Bowlfuls of carbon-conscious, seasonal, and vegetarian fayre greet guests gathered for ‘Olafur Eliasson: In Real Life’ at Tate Modern’s Terrace Bar. If you’ve come to get closer to the globally recognised star-artist, to understand him ‘IRL', breaking bread is the place to start.
These bowls go deep. They represent Studio Olafur Eliasson’s message – of sustainability, community and experimentation – in its most elemental form. The Berlin studio (which comprises craftsmen, architects, archivists, filmmakers, administrators, cooks), is famed for its communal approach, typified by the daily lunches, cooked and eaten family-style on long benches. Think wholemeal sourdough and beet soup for the soul.
The exhibition packs bellyfuls in. A 39m corridor of dense fog; 450 models, prototypes, and geometrical studies from the artist’s studio; a huge wall of reindeer moss from Finland – it’s an ambitious mesh of Eliasson’s three-decade long exploration of (among other things) climate change.
Outside, a dramatic Waterfall (2019) installation measures over 11m in height, with its exoskeleton of pumps and pipes on display. It’s positioned not far from where Ice Watch (an installation of glacial ice from Greenland) stood in December 2018, in a poignant curatorial decision that reflects the fragility of melting ice caps. Inside, the theme ruminates. One of the quieter exhibits, a series of photographs of Iceland’s glaciers taken by the artist in 1999, will be replaced in the autumn by a new artwork that incorporates the old series alongside photos taken 20 years on, illustrating the changes in this landscape that are happening now.
In a continuation of his Tate takeover – which, for the institution, no doubt presents exciting opportunities to replicate the blinding success of Eliasson's glowing sun, that attracted more than two million people in 2003 – a city of white Lego will be dropped into the Turbine Hall later this month, upon which visitors can unleash their inner architect.
London SE1 9TG
VIEW GOOGLE MAPS (opens in new tab)
Elly Parsons is the Digital Editor of Wallpaper*, where she oversees Wallpaper.com and its social platforms. She has been with the brand since 2015 in various roles, spending time as digital writer – specialising in art, technology and contemporary culture – and as deputy digital editor. She was shortlisted for a PPA Award in 2017, has written extensively for many publications, and has contributed to three books. She is a guest lecturer in digital journalism at Goldsmiths University, London, where she also holds a masters degree in creative writing. Now, her main areas of expertise include content strategy, audience engagement, and social media.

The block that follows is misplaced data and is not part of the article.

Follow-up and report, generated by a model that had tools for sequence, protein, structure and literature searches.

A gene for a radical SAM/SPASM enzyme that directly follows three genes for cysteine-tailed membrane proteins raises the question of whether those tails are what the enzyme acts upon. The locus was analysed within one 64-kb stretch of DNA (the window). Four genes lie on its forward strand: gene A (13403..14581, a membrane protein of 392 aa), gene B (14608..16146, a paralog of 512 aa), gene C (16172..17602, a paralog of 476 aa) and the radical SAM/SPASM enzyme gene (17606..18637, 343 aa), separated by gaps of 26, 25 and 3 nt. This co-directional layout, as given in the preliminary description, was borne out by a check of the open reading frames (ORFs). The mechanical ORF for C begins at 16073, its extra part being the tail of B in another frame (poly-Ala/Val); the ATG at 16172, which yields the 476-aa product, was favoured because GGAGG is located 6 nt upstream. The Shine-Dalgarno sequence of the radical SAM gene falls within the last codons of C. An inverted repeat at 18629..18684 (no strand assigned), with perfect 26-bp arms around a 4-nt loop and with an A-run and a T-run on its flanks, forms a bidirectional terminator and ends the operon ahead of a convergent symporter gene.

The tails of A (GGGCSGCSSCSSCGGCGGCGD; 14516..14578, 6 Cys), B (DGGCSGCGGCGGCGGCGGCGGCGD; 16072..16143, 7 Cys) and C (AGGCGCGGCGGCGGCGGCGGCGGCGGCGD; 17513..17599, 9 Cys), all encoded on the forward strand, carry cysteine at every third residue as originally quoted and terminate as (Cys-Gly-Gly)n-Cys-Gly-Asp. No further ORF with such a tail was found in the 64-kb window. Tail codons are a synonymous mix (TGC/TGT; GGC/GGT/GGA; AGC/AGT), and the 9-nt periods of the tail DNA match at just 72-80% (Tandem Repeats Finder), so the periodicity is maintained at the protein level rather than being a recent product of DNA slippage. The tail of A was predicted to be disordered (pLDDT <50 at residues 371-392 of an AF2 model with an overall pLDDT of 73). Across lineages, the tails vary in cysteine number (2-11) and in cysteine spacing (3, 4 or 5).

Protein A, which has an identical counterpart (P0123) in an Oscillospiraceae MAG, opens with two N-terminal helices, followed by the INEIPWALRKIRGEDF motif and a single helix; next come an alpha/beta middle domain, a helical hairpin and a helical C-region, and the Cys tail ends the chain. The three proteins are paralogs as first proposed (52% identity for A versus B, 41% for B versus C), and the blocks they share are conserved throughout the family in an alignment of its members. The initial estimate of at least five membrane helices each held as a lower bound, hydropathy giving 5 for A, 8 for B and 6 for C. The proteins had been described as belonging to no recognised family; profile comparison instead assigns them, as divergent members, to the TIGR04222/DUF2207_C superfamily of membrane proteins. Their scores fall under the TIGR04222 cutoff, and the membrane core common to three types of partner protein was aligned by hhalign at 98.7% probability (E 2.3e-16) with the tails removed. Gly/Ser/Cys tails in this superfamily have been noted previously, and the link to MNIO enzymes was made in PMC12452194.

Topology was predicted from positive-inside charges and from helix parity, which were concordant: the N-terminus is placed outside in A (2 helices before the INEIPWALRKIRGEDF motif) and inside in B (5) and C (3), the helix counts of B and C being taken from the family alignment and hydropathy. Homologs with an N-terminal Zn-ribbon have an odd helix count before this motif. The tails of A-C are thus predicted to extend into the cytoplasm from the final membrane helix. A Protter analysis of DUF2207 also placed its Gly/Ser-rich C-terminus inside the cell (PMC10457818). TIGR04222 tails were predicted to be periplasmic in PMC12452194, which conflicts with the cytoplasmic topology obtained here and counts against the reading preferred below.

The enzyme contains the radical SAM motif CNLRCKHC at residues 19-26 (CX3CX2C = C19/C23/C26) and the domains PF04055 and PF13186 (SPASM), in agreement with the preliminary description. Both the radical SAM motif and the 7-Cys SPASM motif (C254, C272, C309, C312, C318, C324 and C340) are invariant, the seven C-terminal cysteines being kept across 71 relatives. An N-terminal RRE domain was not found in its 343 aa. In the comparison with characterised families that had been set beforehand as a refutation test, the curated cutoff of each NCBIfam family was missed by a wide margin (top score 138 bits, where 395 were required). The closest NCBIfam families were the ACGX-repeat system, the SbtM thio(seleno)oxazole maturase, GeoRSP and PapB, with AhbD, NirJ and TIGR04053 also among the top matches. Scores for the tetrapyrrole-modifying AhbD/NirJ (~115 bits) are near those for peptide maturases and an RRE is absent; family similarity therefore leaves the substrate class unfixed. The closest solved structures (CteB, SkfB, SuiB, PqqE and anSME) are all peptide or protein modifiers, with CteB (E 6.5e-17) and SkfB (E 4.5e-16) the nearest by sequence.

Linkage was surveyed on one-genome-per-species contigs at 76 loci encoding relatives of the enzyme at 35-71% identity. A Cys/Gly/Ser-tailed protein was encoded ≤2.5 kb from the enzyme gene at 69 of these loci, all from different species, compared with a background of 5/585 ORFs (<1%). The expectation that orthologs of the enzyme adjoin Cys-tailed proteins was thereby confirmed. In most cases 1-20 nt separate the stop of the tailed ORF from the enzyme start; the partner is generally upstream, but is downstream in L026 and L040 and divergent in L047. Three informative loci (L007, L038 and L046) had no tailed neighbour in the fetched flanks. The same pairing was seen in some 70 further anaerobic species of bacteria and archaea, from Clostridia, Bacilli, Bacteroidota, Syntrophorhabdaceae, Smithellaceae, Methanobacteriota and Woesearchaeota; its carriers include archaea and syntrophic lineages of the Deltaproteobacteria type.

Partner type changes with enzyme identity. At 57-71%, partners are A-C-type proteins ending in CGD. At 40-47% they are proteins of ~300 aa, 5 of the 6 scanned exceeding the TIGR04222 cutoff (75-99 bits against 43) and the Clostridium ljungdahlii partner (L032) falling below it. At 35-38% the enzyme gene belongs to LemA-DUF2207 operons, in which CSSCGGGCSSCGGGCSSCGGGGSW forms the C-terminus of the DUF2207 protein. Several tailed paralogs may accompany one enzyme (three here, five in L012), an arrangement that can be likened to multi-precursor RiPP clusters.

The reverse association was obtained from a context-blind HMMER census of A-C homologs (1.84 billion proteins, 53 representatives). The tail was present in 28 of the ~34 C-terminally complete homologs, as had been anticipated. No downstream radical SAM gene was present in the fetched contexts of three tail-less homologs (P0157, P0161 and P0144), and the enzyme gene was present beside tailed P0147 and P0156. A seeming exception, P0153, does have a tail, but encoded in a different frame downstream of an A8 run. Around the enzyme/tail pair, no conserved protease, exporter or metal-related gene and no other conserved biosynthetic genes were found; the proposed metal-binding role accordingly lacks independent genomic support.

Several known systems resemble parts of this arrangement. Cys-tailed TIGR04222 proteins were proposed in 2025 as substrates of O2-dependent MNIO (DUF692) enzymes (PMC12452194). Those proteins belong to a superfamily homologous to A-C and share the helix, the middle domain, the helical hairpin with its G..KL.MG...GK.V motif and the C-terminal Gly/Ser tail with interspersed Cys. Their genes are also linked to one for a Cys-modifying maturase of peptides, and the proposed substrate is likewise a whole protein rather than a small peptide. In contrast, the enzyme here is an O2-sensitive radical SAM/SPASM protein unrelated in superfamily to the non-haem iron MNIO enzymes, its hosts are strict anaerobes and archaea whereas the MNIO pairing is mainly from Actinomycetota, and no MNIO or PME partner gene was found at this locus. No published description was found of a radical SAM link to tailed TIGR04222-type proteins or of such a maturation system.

New Lamborghini Huracán Sterrato is a supercar for the extreme sports crowd
The Sterrato sees Lamborghini repackage its successful Huracán into a go-anywhere off-roader for a select group of free roaming auto enthusiasts
By Jonathan Bell • Published
New Saint Laurent exhibition celebrates Madonna’s controversial 1990s ‘Sex’ book
Curated by Saint Laurent creative director Anthony Vaccarello, the Miami exhibition explores the Steven Meisel-shot ‘Sex’ book by Madonna and its liberated images of sexual self-expression as it turns 30
By Jack Moss • Published
New book celebrates the subversive genius of make-up artist Inge Grognard
‘Inge Grognard, Makeup 1989-2005’ explores the ‘beauty revolution’ ignited by the make-up artist’s early work with Maison Martin Margiela, Dries Van Noten and more
By Mary Cleary • Published
Yayoi Kusama interview: ‘Painting helps me to keep away thoughts of death’
We interview legendary Japanese artist Yayoi Kusama, who discusses her major retrospective at M+, Hong Kong, the ‘power of art’, and her desire, at 93 years old, ‘to create ever more original works’
By Megan C Hills • Published
The art fair personality test: what type of Art Basel Miami Beach visitor are you?
Are you a selfie seeker or a champagne visualist? Take our art fair personality test to identify yourself at Art Basel Miami Beach (1-3 December)
By Harriet Lloyd-Smith • Published
2022 NGV Architecture Commission is an evolving, artist-led reimagining of a Greek icon
Temple of Boom, the 2022 NGV Architecture Commission, is an evocative reimagining of The Parthenon designed by architects Adam Newman and Kelvin Tsang with interventions by Australian artists
By Martha Elliott • Published
Francis Gallery Los Angeles is a haven of harmony, natural materials and Korean art
We speak to gallerist Rosa Park, founder of the new Francis Gallery Los Angeles, which has opened with a show of six emerging and established Korean artists
By Tilly Macalister-Smith • Published
Zizipho Poswa’s new ceramics and photography explore hair as a medium for sculpture
At Southern Guild Gallery, Cape Town, Zizipho Poswa draws on the elaborate hairstyling practised by African women in a new series of ceramics, bronze sculptures and photographs
By Jareh Das • Published
The World Reimagined revisits the history of the transatlantic slave trade through art
Ahead of a Bonhams auction on 21 November, The World Reimagined will conclude with an epic finale in Trafalgar Square this weekend (19 and 20 November). The initiative uses art to illuminate the history of the transatlantic slave trade, inviting us ‘to face our shared history with honesty, empathy and grace’.
By Amah-Rose Mcknight Abrams • Published
Louvre Abu Dhabi marks fifth anniversary with exhibition celebrating contemporary art from the Gulf region
The second edition of the Louvre Abu Dhabi ‘Art Here 2022’ exhibition showcases work by the ten GCC artists shortlisted for the Richard Mille Art Prize
By Harriet Lloyd-Smith • Published
David Hockney to launch immersive art show in London in January 2023
‘David Hockney: Bigger & Closer (not smaller & further away)’ at the Lightroom in London will use digital projection and audio technology to deliver a journey through Hockney’s world
By TF Chan • Published